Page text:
Commodity Scam Process
A CFTC complaint about a commodities pool operator has highlighted the need for whistleblowers to take advantage of the agency’s vigilance. These complaints are the backbone of the program and contain critical information necessary to police commodity frauds. Unfortunately, the fund for this process does not increase when whistleblower triggered investigations and rewards are increased. This makes the entire process even more vulnerable. CFTC fraud enforcement is a complex and difficult task.
A CFTC report indicates that there have been an increase in the number of fraudulent commodity trading websites and advisory services. Typically, these websites display impressive trading results – a high net profit and small margin calls – but these are not necessarily real. The CFTC’s website can be a good way to determine if you have become a victim of a scam. However, this tool does not guarantee that the information on a commodity pool is genuine.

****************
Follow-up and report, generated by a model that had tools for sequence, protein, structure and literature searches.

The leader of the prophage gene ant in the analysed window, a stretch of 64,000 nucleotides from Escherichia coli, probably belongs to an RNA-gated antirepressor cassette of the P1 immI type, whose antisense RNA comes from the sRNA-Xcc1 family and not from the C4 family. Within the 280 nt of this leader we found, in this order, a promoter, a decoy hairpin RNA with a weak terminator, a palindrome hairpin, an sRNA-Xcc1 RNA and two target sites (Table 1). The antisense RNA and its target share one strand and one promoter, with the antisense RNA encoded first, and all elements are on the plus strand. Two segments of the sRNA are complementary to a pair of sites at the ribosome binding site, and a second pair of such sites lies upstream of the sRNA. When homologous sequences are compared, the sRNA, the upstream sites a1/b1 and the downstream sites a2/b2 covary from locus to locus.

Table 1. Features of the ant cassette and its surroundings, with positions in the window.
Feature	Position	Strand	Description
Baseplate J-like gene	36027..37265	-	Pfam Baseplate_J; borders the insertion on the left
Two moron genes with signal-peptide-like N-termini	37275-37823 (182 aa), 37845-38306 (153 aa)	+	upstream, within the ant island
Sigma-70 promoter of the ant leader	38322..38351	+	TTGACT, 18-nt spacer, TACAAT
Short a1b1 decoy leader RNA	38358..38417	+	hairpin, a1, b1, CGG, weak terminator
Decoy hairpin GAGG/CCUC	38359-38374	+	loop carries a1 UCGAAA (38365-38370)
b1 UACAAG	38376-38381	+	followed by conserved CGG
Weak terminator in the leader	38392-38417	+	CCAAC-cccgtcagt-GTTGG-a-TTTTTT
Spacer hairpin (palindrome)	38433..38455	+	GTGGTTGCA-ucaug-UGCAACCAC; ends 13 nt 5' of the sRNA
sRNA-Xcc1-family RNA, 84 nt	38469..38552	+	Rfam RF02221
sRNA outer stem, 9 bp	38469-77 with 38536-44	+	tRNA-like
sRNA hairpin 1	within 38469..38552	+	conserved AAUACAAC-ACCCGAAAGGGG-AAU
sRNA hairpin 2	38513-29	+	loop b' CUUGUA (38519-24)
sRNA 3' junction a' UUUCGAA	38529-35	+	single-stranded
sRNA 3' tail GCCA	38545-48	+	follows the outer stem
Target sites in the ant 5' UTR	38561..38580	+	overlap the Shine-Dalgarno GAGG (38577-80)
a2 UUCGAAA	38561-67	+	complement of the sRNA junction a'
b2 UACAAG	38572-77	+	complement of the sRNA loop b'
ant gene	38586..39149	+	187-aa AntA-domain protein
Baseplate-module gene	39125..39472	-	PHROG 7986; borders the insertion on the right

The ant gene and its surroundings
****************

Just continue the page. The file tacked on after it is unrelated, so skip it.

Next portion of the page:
Document alteration and intercepting are other common scams. Traders across commodities have reported this problem as well. The CFTC has been investigating and prosecuting fraudulent commodity trading advisory services since 2006. Several of these websites are advertising hypothetical results. The CFTC has also launched an investigation into a $3 billion gem fraud at the Qingdao port in China. The CFTC has also issued warnings against fraudulent traders.